Plinio Corrêa de Oliveira
Masses or Elites?
Masses or Elites?
A problem of truly fundamental importance is to be found here. Is Catholic Action a movement of the masses or one of elites? The Holy Pontiffs have insisted so frequently on the idea that it should be a movement of elites that no one dares to contest them. This notwithstanding, some commentators opt for a solution that, without clashing with the papal instructions head-on, is nevertheless opposed to them.
They maintain that Catholic Action should be simultaneously a movement of masses and elites. In other words, that together with the choice elements, people of little formation should be accepted as full-fledged members, with formal promise and all, so they would be gradually influenced and transformed by the elite.
In order to better apprehend the error contained in this seemingly logical idea, we must clarify well the terms of the problem. MASS denotes a great number of people, and, at least in theory, we should accept the possibility of the existence of elites so numerous as to constitute a multitude. Thus, it certainly would be ideal if Catholic Action were composed of a countless multitude of really well formed people, of first rate individuals in the Catholic Church. In this sense we gladly concede that in the future, Catholic Action could become at the same time a mass movement and one of elites. It is evident, however, that in this context, the word "mass" has to be understood in a much narrower sense than it usually is.
A Fundamental Alternative
Nevertheless, it is not always possible to achieve such brilliant results, nor is such a fortunate situation attained in the first few years of work. No matter how virtuous and wise the ecclesiastical assistants, leaders and activists may be they will often find people’s hearts closed to the apostolate. In this regard let us not deceive ourselves with any apostolic romanticism by imagining that Catholic Action has a magic wand that will open all hearts without fail. No matter how good an apostle we may be, we will never be able to match Our Lord; and yet, how many hearts closed themselves to His voice! How many closed themselves to the voice of the Apostles and the innumerable saints that the Church has produced! Every day experience shows us what hagiography also teaches: there are persons, families, social classes and at times entire cities that remain deaf to God's voice.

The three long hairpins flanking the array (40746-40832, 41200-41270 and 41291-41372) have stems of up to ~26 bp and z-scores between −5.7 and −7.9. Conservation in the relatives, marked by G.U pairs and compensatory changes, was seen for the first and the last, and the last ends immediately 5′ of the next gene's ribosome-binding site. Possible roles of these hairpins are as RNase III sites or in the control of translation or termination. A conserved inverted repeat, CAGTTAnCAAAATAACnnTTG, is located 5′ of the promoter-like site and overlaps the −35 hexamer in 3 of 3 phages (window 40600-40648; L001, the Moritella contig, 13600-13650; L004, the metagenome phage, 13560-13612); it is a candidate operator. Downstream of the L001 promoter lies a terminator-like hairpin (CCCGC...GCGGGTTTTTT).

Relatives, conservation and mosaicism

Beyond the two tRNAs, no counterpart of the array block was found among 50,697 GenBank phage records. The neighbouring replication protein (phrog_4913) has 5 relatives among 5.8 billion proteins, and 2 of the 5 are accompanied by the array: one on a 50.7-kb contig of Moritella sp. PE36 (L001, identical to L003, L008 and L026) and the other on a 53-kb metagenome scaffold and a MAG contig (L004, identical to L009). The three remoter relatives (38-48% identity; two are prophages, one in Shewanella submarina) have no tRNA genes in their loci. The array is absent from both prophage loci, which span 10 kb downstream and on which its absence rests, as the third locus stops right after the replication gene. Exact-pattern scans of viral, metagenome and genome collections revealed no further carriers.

The Savior Himself said:
For God sent not His Son into the world, to judge the world, but that the world may be saved by Him. He that believeth in Him is not judged. But he that doth not believe, is already judged: because he believeth not in the name of the only begotten Son of God. And this is the judgment: because the light is come into the world, and men loved darkness rather than the light: for their works were evil. For every one that doth evil hateth the light, and cometh not to the light, that his works may not be reproved. But he that doth truth, cometh to the light, that his works may be made manifest, because they are done in God. (8)
Further on, the Lord continues saying of Himself: "And what he hath seen and heard, that he testifieth: and no man receiveth his testimony." (9)